“It didn’t raise rates today but it seems like they are still on the path to higher rates ... which causes the loonie to decline a little bit,” said Hosen Marjaee, senior managing director, Canadian fixed income at Manulife Asset Management.
Higher U.S. interest rates could reduce investor incentive to buy lower-yielding Canadian bonds. The gap between Canada’s 5-year yield and its U.S. equivalent widened by 3.1 basis points to a spread of 63.5 basis points in favor of the U.S. bond.
The Canadian dollar was trading 0.4 per cent lower at $1.3163 to the greenback, or 75.97 U.S. cents. The currency touched its weakest level since Sept. 10 at $1.3183.
European shares closed higher, led by banking shares following results from names such as SocGen and Commerzbank.
The pan-European STOXX 600 index rose 0.19 per cent and MSCI’s gauge of stocks across the globe shed 0.30 per cent.
The dollar had advanced heading into the Fed statement and slightly added to its gains after weakening in the prior session.
Traders currently see a 71.2-per-cent chance the Fed will raise rates by a quarter percentage point at its December meeting, according to CME’s FedWatch, up from 68.8 per cent on Nov 1.
The dollar index rose 0.59 per cent, with the euro down 0.45 per cent to $1.1373.
Oil prices fell nearly 2 per cent on Thursday as investors focused on swelling global crude supply, which is increasing more quickly than many had expected.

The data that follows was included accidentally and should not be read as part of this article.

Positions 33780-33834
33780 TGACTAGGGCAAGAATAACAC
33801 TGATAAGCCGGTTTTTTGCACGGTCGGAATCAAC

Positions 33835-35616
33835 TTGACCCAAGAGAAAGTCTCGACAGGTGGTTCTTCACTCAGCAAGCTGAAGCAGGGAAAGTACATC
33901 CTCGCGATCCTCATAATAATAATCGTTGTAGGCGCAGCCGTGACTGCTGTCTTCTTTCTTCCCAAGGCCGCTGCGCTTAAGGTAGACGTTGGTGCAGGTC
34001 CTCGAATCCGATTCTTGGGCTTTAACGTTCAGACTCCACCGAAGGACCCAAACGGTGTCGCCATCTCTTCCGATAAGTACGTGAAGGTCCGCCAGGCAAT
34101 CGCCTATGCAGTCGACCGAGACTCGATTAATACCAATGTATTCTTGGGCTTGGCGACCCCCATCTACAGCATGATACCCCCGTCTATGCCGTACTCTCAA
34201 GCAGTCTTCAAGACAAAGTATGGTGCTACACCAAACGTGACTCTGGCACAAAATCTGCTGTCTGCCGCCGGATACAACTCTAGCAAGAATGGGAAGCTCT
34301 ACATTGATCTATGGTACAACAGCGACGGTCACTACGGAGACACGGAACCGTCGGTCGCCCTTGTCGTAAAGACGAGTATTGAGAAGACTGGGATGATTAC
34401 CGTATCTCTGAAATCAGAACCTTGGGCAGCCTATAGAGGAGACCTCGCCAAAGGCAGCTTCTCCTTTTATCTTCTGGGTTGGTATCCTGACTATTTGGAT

The market focused on record U.S. crude production and signals from Iraq, Abu Dhabi and Indonesia that output will grow more quickly than expected in 2019. Fears of the potential supply glut dampened a rally early in the session driven by Chinese data that showed record oil imports.
“There’s a trifecta of trouble created by U.S. stockpile builds, OPEC overproduction and the watering down of Iran sanctions,” said Bob Yawger, director of futures at Mizuho in New York.
Brent crude futures, the global benchmark, fell $1.42, or 1.97 per cent, to settle at $70.65 a barrel, the lowest since mid-August. U.S. crude futures fell $1.00, or 1.6 per cent, to $60.67 a barrel, the lowest since March 14.
In post-settlement trade, both contracts extended losses.
China’s crude imports rose to 9.61 million barrels per day (bpd) in October, up 32 per cent from a year earlier, customs data showed.
China will still be allowed to import some Iranian crude under a waiver to U.S. sanctions that will enable it to purchase 360,000 bpd for 180 days, two sources familiar with the matter told Reuters on Tuesday.
U.S. crude output reached a new record high of 11.6 million bpd in the latest week and the country has now overtaken Russia as the world’s largest oil producer. The move higher in production was a large jump, “not just a tick,” Yawger said.
The U.S. Energy Information Administration said this week it expects output to top 12 million bpd by the middle of 2019, thanks to shale oil.
Even with U.S. sanctions on Iranian oil in place, investors believe there is more than enough supply to meet demand. Waivers granted to the sanctions intensify the market’s perception that sanctions may not limit crude supply as much as initially expected.